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Quality Assessment of Colonoscopic Cecal Intubation

An Analysis of 6 Years of Continuous Practice at a University Hospital

Aslinia, Florence, M.D.; Uradomo, Lance, M.D., M.P.H.; Steele, Allison, M.S.N., C.R.N.P.; Greenwald, Bruce D., M.D.; Raufman, Jean-Pierre, M.D., F.A.C.G.

American Journal of Gastroenterology: April 2006 - Volume 101 - Issue 4 - p 721–731
ORIGINAL CONTRIBUTION: ENDOSCOPY
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BACKGROUND Despite increased emphasis on endoscopic performance indicators, e.g., cecal intubation rates, limited data from actual clinical practice have been published.

OBJECTIVES Retrospective database review to determine the rate and documentation of cecal intubation during colonoscopy at the University of Maryland Medical Center.

METHODS We reviewed 5,477 consecutive colonoscopies performed by 10 faculty gastroenterologists at a University hospital over a 6-yr period (March 1, 1999 to February 28, 2005). Unadjusted cecal intubation rates were analyzed as were rates that were adjusted based on the U.S. Multi-Society Task Force on Colorectal Cancer recommendations. We analyzed trends in overall and individual cecal intubation rates, circumstances that impact these rates, and the quality of documentation of cecal intubation.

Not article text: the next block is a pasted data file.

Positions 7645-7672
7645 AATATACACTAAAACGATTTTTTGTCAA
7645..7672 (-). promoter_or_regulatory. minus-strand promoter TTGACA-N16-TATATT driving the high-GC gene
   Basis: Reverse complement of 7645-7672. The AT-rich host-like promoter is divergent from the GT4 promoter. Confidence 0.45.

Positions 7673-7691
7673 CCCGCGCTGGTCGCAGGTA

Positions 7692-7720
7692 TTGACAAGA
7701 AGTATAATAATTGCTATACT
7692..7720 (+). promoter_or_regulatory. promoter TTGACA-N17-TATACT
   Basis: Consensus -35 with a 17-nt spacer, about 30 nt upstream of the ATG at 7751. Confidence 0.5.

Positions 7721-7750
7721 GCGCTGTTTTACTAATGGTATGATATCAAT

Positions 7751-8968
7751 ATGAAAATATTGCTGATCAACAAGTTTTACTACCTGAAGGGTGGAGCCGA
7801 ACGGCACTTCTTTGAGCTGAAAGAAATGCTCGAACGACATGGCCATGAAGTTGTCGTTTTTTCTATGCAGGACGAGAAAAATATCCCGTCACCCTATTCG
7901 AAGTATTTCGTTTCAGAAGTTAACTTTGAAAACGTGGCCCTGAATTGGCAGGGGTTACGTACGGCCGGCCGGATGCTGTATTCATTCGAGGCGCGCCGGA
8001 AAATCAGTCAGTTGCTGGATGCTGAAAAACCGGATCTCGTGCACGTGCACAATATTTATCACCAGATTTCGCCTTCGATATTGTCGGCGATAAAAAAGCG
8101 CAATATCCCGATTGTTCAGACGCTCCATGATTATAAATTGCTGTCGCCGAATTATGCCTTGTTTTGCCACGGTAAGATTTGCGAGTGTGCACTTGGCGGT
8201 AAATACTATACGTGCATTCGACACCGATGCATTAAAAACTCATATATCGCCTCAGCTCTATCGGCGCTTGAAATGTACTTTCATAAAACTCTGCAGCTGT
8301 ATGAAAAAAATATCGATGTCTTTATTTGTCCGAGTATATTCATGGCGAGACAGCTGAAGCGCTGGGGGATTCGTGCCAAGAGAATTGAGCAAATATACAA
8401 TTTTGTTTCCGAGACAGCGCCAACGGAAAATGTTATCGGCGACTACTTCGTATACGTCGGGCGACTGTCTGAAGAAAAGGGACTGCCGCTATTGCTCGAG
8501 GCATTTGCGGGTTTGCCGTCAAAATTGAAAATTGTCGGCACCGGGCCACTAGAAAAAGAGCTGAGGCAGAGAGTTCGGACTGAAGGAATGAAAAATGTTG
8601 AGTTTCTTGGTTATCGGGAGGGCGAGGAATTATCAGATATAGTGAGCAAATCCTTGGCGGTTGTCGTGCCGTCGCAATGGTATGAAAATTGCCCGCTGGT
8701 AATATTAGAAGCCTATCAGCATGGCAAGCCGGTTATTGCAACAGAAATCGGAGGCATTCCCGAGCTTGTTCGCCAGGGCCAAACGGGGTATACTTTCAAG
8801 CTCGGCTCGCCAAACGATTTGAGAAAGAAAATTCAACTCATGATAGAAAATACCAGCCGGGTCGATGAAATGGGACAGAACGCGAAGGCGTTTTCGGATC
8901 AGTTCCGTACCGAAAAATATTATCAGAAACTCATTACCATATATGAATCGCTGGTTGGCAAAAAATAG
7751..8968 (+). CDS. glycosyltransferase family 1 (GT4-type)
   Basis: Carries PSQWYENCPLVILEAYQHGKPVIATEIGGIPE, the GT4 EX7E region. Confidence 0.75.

RESULTS The overall adjusted cecal intubation rate for the entire 6 yr was 90.3%, and increased over the study period with the highest adjusted rate (93.7%) in the most recent year studied. There was no correlation between cecal intubation rate and patient age, gastroenterology fellow involvement, or endoscopist experience and number of procedures/year. In contrast, colon cancer screening, male gender, outpatient colonoscopy, and adequate bowel preparation predicted a higher cecal intubation rate. Written and photographic documentation of cecal intubation improved significantly after 2002.

CONCLUSIONS Our analysis revealed cecal intubation and documentation rates that meet current guidelines, and identified factors that may cause substantial variance in these rates depending on the nature of the practice. The present analysis confirms that computerized databases can be used to assess individual and group cecal intubation and documentation rates on an annual basis, and to make these data available to the public.

Division of Gastroenterology and Hepatology, University of Maryland School of Medicine, Baltimore, Maryland

Reprint requests and correspondence: Jean-Pierre Raufman, M.D., F.A.C.G., Division of Gastroenterology and Hepatology, University of Maryland School of Medicine, 22 S. Greene Street, N3W62, Baltimore, MD 21201.

Received June 30, 2005; accepted August 28, 2005.

© The American College of Gastroenterology 2006. All Rights Reserved.
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